When collecting honey from bees, as has been noted in bee sting, a bee will do its utmost to protect the hive. A sharp barb with two (or more) lancets can hurt a lot, and unless a person is covered adequately, a bee sting is painful and often causes swelling and severe irritation for a few days.

Today modern beekeepers have a number of suits and types of protective options, that range from full body, to simple face netting. But the history of protective clothing is relatively modern, when one considers that bees and honey have been gathered throughout man's history.

Romans give us some of the first written examples of protection, when Nonnus (an Egyptian who lived in Egypt, AD 431) describes a mythical discovery of beekeeping by Aristaeus:

He covered every limb from toenail to hair with a close-woven wrap of linen, to defend him form the formidable stings of the battling (armed) bees.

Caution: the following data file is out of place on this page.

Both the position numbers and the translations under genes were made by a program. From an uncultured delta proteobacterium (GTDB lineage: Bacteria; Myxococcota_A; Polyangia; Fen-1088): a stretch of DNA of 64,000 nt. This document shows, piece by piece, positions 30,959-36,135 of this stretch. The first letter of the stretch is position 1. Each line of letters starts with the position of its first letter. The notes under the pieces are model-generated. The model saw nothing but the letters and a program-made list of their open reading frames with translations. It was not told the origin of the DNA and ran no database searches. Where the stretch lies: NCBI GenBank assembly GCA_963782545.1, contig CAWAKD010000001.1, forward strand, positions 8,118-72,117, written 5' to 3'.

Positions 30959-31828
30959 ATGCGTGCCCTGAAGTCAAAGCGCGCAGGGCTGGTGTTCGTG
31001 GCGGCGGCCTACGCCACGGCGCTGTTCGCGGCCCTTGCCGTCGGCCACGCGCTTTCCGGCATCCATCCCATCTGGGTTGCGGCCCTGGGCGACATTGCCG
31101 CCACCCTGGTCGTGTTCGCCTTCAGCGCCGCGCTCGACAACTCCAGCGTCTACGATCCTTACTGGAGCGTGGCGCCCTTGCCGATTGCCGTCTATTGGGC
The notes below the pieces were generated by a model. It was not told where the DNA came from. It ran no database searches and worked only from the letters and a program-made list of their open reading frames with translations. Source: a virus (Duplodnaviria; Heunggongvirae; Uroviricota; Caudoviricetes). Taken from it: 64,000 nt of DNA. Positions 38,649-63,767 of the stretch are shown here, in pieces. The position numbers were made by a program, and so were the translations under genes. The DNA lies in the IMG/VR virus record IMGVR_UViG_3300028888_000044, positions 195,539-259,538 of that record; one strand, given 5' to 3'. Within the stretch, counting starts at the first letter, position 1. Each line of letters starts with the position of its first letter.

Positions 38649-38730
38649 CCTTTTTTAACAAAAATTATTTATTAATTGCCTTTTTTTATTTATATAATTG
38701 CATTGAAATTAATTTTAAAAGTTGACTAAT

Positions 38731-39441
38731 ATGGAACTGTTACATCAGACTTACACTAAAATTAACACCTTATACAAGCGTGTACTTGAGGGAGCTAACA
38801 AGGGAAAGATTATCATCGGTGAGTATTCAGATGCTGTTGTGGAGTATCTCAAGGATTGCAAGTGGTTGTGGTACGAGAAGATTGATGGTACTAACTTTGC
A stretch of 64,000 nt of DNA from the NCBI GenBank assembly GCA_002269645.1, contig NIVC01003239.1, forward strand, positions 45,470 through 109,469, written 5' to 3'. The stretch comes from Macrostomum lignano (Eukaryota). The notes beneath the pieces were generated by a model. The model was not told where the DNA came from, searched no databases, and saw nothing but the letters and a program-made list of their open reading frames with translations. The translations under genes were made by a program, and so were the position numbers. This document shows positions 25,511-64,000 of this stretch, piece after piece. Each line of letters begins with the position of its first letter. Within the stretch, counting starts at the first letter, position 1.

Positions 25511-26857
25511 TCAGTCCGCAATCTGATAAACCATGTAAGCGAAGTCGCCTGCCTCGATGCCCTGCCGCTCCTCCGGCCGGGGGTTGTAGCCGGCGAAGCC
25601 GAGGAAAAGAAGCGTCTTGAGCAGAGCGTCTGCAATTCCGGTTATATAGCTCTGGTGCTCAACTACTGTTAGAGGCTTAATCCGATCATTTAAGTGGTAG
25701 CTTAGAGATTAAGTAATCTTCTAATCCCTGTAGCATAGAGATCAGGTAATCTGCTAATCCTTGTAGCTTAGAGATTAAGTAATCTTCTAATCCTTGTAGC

(Dionysiaca V.247-249)

The earliest known purpose-made protection against stings on the head and face appears in western Europe about 1160. An illumination in St Swithin's Psalter shows two shepherds wearing a hood (fastened at the neck), leaving a hole for the face. A cover is sewn into the hood for a faceplate, and thus a bee-proof head covering. Many further examples are available around the 1400's where faces become covered much more clearly in woven wicker, or cane 'basketry,' and by the 17th Century the pictures show more wire related weaves - close to fencing masks.

These would have only offered very limited vision, been cumbersome and possibly heavy, and it is surprising that a solution was not more quickly invented!

Crane, Eva. 1983. "The Archaeology of beekeeping", Duckworth. London. ISBN 0 7156 1681 1
Crane, Eva. (unknown). "history of protective measures against stinging by bees" (unknown) - I have a 3rd generation photocopy - sorry.

Log in or register to write something here or to contact authors.